What is 'prognosis'?

Prognosis is a measure of how likely you are to recover from cancer. It's your cancer specialist's opinion, based on his or her medical experience, the likely course of your cancer and your health – essentially a forecast of the likely outcome of your cancer. It does not take into account your unique, individual response to the disease and treatment.

What are 'remission' and 'survivorship'?

Remission can be partial or complete remission of one's cancer - and essentially means that the signs and symptoms of your cancer have reduced. Read more about remission here.

Over the years, oncologists started using a five-year timeframe to define survivorship: if your cancer didn't recur during the five years after either diagnosis or treatment, you were regarded as a 'survivor'. Regardless of your frame of reference, being a survivor is a unique experience for every cancer patient. Read more about the unique needs of cancer survivors here and here.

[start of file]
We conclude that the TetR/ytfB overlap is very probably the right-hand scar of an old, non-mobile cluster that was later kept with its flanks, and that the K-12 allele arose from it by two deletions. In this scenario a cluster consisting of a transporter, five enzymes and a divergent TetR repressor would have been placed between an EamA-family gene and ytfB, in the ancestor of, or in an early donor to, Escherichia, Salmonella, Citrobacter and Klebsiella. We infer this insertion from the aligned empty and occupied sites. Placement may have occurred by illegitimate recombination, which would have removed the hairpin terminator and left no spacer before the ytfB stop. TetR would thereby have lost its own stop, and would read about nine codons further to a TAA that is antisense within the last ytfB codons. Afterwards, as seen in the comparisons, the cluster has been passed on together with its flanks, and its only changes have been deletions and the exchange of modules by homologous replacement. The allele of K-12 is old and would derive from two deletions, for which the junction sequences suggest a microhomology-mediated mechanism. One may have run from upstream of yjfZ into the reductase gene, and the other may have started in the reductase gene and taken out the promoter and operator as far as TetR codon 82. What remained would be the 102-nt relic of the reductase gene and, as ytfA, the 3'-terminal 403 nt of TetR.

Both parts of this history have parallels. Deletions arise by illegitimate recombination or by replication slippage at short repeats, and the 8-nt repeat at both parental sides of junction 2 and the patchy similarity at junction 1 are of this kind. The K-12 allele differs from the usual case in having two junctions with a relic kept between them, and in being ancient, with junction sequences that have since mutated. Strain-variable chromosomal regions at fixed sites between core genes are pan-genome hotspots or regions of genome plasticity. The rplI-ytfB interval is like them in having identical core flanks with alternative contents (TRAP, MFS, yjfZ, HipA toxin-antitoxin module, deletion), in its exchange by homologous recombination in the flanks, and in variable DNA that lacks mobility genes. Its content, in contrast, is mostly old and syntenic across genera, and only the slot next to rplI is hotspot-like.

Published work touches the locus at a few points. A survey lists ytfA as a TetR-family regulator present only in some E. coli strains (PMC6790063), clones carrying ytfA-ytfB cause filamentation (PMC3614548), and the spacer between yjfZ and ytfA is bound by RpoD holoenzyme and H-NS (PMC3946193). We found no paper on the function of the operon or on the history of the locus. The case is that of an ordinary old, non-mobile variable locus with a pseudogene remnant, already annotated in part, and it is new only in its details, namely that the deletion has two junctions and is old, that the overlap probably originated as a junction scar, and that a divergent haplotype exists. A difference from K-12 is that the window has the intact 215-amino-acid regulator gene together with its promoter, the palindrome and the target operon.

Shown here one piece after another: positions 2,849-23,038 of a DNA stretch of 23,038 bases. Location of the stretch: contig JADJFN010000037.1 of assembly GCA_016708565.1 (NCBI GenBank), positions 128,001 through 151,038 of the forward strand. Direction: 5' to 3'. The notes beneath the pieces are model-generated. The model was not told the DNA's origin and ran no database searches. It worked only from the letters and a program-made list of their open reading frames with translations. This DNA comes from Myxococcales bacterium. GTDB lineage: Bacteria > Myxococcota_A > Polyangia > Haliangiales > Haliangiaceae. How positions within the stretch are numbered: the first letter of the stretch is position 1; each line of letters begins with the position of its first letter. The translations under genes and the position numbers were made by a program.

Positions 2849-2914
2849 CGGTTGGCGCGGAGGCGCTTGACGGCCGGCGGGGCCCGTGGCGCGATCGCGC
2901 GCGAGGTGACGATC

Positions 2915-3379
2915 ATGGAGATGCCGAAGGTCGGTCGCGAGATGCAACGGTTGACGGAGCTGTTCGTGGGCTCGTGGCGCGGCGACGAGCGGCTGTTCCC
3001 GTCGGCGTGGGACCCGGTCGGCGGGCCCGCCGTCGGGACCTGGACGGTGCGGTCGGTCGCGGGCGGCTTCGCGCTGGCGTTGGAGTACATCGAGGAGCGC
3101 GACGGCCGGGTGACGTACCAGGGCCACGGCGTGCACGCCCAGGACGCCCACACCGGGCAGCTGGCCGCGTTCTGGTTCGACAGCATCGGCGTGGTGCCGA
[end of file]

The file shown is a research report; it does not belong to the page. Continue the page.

Severe illness can be life-changing. Discovery is here for you

At Discovery, we understand that an illness like cancer affects many aspects of your life. If you're a Discovery Health Medical Scheme member who is diagnosed with cancer, you are covered by a comprehensive Oncology Programme. You'll also have access to a palliative care programme, which offers unlimited cover for approved care at home.

To protect you financially, Discovery Life offers the best dread disease product in the market for cancer cover, as awarded by the Independent Clinical Oncology Network. Our award-winning LifeTime Max 200% Severe Illness Benefit offers coverage across the full spectrum of severities and coverage for remission of a cancer. Contact us to learn more.

The Discovery Health Medical Scheme is an independent non-profit entity governed by the Medical Schemes Act, and regulated by the Council for Medical Schemes. It is administered by a separate company, Discovery Health (Pty) Ltd, an authorised financial services provider.